With that in mind let’s take a look at the overall state of health in England in the period 2015 to 2021. Below is the overall health index for England across this period, which shows a small increase from 100 to 100.8, with a peak of 100.9 in 2018 and 2019. However, a single value without context isn’t very helpful, so by clicking the arrow you can overlay each of England’s regions onto the diagram.
When you do that, it’s clear that those regions with the best health in 2015 (the South East, South West and East of England) got healthier over the period, whilst those with poorer health in 2015 did not see the same improvement (with the North East and West Midlands each having worse health in 2021 than they did in 2015).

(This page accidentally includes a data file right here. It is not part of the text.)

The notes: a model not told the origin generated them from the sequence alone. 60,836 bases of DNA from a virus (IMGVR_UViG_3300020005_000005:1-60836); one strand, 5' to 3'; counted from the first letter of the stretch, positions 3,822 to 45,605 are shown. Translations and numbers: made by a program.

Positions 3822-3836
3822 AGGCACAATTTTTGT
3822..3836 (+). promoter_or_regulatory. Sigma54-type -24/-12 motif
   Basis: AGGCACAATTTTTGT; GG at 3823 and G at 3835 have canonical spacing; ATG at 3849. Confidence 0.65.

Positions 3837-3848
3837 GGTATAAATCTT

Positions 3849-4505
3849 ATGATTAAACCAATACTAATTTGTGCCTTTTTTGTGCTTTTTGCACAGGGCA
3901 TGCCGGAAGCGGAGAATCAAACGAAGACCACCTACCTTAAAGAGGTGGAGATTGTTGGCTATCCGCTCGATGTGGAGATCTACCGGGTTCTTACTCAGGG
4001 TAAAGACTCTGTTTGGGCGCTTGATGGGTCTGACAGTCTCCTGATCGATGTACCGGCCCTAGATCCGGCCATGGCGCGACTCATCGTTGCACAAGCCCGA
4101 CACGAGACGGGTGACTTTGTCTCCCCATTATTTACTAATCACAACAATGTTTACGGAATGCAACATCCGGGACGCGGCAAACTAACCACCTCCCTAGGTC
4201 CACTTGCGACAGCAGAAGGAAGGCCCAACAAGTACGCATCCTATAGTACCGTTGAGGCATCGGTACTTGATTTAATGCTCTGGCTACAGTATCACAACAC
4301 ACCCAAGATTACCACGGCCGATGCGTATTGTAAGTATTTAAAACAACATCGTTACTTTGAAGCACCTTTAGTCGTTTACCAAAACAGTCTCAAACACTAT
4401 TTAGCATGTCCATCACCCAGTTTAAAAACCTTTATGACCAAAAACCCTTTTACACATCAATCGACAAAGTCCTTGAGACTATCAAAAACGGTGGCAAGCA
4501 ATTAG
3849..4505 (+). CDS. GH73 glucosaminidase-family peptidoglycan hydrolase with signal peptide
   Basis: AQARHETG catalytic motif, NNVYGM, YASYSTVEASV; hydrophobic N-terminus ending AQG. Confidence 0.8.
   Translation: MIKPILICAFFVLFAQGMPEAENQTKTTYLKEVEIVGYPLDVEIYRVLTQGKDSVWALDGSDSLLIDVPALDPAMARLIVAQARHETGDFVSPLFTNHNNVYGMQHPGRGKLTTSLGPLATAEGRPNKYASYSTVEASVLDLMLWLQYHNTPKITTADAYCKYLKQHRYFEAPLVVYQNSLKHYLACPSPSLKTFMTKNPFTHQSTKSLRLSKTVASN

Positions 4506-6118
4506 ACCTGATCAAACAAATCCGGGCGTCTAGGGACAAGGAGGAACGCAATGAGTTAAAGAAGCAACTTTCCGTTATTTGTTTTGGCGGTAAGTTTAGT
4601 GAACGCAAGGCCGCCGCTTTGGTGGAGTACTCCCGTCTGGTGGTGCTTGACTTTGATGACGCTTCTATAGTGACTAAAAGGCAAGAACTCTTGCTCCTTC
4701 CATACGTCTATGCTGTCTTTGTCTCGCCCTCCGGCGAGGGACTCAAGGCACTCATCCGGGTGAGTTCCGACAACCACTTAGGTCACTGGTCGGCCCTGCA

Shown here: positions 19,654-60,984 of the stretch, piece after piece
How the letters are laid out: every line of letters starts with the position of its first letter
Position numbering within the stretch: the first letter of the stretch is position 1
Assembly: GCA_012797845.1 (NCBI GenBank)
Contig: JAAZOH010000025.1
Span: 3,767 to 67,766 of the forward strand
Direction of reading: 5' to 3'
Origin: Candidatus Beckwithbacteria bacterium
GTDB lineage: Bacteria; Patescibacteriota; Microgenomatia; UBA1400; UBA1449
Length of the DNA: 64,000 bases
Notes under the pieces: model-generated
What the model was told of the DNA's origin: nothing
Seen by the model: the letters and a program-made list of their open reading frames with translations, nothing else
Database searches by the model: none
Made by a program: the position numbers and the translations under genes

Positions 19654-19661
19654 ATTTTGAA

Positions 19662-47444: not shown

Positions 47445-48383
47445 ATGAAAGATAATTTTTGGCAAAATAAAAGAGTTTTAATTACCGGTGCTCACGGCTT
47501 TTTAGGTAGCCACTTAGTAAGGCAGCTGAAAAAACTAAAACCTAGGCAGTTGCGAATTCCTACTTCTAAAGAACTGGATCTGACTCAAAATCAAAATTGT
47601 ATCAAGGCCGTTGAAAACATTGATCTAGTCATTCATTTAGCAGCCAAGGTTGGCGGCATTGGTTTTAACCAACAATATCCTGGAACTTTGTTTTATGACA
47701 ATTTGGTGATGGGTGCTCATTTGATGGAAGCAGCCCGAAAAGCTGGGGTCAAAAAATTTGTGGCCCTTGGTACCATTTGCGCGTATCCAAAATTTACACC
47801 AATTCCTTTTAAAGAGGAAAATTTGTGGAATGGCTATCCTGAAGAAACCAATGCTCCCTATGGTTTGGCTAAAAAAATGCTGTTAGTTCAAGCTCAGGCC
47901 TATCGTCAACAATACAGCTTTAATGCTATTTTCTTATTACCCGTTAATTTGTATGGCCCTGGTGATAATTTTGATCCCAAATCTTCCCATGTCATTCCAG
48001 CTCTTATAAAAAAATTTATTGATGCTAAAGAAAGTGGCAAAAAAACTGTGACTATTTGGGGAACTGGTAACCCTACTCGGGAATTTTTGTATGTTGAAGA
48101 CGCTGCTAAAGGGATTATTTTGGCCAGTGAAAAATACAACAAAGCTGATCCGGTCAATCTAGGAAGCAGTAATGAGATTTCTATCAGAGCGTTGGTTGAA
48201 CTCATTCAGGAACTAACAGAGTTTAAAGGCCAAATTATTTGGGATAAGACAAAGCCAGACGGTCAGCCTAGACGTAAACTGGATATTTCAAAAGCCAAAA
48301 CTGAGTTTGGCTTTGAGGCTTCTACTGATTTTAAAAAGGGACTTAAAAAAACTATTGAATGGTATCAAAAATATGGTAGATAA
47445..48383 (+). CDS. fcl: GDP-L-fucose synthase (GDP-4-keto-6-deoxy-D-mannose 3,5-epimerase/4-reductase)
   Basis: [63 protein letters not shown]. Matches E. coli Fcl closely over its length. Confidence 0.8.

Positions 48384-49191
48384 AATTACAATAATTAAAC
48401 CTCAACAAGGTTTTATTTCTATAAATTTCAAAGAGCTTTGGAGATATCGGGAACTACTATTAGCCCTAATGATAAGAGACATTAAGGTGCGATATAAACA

By re-indexing all of the metrics to 2015 (the third graph), it is possible to directly compare how regions have become healthier or unhealthier compared to England as a whole.
Health gains and losses
So, the health of England has increased, albeit marginally, between 2015 and 2021. A sensible question might be to ask, for which indicators has the health of England improved most in that period? By looking at the indicators that make up the Health Index we can see the largest increases in:
- Air pollution (improvement of 16.1%)
- Household overcrowding (improvement of 14%)
- Teenage pregnancy (improvement of 12.6%)
Whilst the three largest decreases are in the following:
- Disability (decrease of 9.6%)
- Feelings of anxiety (decrease of 9%)
- Personal crime (decrease of 6.8%)
Whilst it is tempting to create explanations that blame the decreases in these three on lockdowns and Covid-19, and they did all get worse during 2020, they were all >5% lower than the 2015 baseline in 2019.